Home / Brain / Dual Task Training for the Win

Dual Task Training for the Win

For those of you crossword puzzle junkies out there… those of you who love your daily JUMBLE in the newspaper… those who spend big bucks on computerized brain games like Luminosity… I commend your commitment to brain health, although the research is lacking that the benefits of any of those activities actually carries over into real life.

The problem with brain games is that we tend to do them with our bodies at rest, and all brain power is directed squarely at a single task.  All attention is focused on the cognitive processes associated with solving a thought-based problem.  Sustained attention is important for tasks like creating lists and filling out forms- and for doing crossword puzzles and reading a newspaper article.  Selective attention challenges us to do those tasks under distracting conditions, and filter out other stimuli in order to complete the task. These types of attention are great for getting your taxes done, but only a small part of the cognitive demands of real life.

Most of our daily tasks require continuous, simultaneous cognitive processing of information while moving through the environment.  Our brains need to engage visuospatial functions and suspend information in our working memories just to complete the most basic tasks.

Let’s say, for example, that you are making a meal following a written recipe.  You look at the recipe card, and take note of three things that you need to retrieve from around the kitchen. On your way to the cabinet, you notice the dog is lying on the floor and you need to navigate around him.  You place your hand on the counter as you lift your leg to step over the dog and notice the countertop is sticky.  You pull back your hand from the sticky surface, turn your head to look at the sticky spot, and wipe your hand on your apron as you finish stepping over the dog and reach for the cabinet door. You are now thinking that you need to wipe up that spot with a wet paper towel, and for a moment you consider changing direction and doing that job before proceeding to the cabinet.  In a split second you decide to continue with your mission to retrieve the item from the cabinet and mentally note to wipe the counter after you complete this task. You fuss at the dog as you pull open the cabinet door, still wiping your hand, and try to recall the three things you need for the recipe.  This requires far more brain power than a crossword puzzle.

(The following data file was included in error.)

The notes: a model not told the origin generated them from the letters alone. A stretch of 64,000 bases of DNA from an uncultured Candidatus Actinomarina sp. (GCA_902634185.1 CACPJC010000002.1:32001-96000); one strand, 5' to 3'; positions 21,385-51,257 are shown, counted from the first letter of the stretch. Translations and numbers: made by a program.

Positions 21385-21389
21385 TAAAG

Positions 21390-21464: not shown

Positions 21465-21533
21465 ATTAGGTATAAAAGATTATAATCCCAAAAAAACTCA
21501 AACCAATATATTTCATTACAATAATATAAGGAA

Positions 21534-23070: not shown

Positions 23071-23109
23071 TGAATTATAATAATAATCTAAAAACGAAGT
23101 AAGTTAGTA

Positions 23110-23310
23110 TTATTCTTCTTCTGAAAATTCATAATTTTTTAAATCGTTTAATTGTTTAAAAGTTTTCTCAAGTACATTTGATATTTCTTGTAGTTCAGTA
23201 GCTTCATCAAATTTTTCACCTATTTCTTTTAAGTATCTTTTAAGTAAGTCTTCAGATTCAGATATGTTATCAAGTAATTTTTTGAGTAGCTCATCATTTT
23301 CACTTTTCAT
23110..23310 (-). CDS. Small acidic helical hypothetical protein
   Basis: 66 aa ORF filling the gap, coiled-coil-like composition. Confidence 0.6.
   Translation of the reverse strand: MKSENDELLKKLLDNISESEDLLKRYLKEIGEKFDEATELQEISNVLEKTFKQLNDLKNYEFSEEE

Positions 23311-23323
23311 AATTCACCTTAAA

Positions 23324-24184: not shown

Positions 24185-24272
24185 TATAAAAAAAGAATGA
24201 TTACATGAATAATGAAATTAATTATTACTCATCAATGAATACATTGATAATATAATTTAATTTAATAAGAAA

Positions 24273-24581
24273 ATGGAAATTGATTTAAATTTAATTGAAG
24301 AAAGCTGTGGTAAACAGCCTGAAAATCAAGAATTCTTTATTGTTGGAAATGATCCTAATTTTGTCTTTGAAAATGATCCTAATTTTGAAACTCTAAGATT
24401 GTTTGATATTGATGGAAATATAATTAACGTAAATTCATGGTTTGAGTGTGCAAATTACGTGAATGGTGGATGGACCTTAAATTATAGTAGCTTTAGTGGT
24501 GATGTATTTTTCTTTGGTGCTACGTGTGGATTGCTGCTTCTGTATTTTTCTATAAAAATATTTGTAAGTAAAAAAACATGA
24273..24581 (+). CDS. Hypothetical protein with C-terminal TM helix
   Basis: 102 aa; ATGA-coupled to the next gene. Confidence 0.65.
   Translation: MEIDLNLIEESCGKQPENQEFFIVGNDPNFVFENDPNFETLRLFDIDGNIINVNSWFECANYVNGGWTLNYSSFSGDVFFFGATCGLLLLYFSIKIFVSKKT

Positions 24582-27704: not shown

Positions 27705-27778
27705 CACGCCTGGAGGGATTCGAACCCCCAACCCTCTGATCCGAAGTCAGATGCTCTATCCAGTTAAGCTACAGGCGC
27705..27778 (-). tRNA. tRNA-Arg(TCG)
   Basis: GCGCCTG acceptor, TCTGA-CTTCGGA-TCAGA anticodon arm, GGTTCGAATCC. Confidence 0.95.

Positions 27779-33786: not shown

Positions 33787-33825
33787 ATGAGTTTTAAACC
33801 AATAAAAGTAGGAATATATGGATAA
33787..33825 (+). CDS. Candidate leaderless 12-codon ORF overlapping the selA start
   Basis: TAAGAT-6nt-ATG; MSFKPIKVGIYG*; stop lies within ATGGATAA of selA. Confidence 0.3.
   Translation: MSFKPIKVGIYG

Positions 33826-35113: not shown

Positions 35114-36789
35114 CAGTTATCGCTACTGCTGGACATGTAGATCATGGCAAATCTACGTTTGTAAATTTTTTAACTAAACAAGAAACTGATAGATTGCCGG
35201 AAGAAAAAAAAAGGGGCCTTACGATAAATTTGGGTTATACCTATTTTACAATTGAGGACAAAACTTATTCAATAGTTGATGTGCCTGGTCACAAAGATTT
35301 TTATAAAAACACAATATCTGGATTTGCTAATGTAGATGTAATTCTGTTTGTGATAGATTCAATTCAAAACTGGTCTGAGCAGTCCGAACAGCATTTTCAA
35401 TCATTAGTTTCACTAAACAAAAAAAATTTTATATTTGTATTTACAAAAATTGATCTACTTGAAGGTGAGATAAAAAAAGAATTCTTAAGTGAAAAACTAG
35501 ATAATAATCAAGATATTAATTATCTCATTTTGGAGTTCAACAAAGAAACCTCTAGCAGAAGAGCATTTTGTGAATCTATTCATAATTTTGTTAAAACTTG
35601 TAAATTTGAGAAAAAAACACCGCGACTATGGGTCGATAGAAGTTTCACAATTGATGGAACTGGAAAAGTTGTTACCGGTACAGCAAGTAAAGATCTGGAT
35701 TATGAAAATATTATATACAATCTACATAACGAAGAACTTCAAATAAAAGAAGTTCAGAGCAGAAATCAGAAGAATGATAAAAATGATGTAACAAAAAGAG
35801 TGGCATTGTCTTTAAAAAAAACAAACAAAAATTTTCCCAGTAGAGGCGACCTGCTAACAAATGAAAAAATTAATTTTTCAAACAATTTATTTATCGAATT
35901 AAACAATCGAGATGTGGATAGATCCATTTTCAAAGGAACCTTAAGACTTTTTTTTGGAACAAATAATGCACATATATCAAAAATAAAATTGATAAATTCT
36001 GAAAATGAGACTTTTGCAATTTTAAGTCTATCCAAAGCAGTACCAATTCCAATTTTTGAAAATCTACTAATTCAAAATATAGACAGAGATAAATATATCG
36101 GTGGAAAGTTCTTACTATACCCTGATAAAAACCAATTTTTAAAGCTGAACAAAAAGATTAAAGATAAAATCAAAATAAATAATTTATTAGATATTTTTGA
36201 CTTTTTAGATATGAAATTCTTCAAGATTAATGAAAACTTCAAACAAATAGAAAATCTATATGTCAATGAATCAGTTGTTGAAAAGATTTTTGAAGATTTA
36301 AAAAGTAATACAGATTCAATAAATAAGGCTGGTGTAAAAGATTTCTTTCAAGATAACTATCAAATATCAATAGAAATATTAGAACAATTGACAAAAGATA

Dual task training is a sensory-motor approach to brain exercise. Cognitive functions that are easily completed with the body at rest can be slowed when the body is in motion.  Same holds true for the body in motion being slowed by the demands of a cognitive task. This is because the brain is forced to alternate and divide attention between multiple functions, and suspend thought processes in working memory to process all the information needed to carry out the task.  Here is an example:

  1. Walk across the room, turn around, and walk back. (motor task)
  2. While standing still, count backwards from 100 by 3.  (cognitive task)
  3. Walk across the room, turn around, and walk back while counting backwards from 100 by 3. (dual task).

The dual task activity requires far more brain power than either the motor or cognitive task alone.  Chances are that the dual task requirement will result in a slower walking speed and a slower counting speed.  The good news is that practice can improve dual task performance, which is indicative of improved attention and cognitive processing skills.  And this has far more meaningful real life application than sedentary brain games.

A few more examples of dual task training:

  1. Stand on one foot while singing the national anthem.
  2. Starting with the letter A, think of a girl’s name for every letter in the alphabet while side-stepping along the kitchen counter.
  3. Recall every phone number you know while alternating foot taps on a step.
  4. Learn dance steps.
  5. Ride a bike.

*Safety Warning:  Combining cognitive and attention tasks can compromise balance and safety.  Be sure that each task can be performed independently before combining activities, and have someone nearby for assistance if balance is a concern.

 

About admin

2 comments

  1. “The problem with brain games is that we tend to do them with our bodies at rest” – my immediate thought was ‘Bingo’. I know you elaborated on this in your discussion of dual task training, and I think this is step in the right direction. Multiple task training might be even better–example:

    Dance classes–movement, listening to the music and paying attention to the beat, remembering the steps, wondering if your partner’s is holding you appropriately, recoiling from his breath, and still making small talk during the dance.

Leave a Reply

Your email address will not be published. Required fields are marked *

*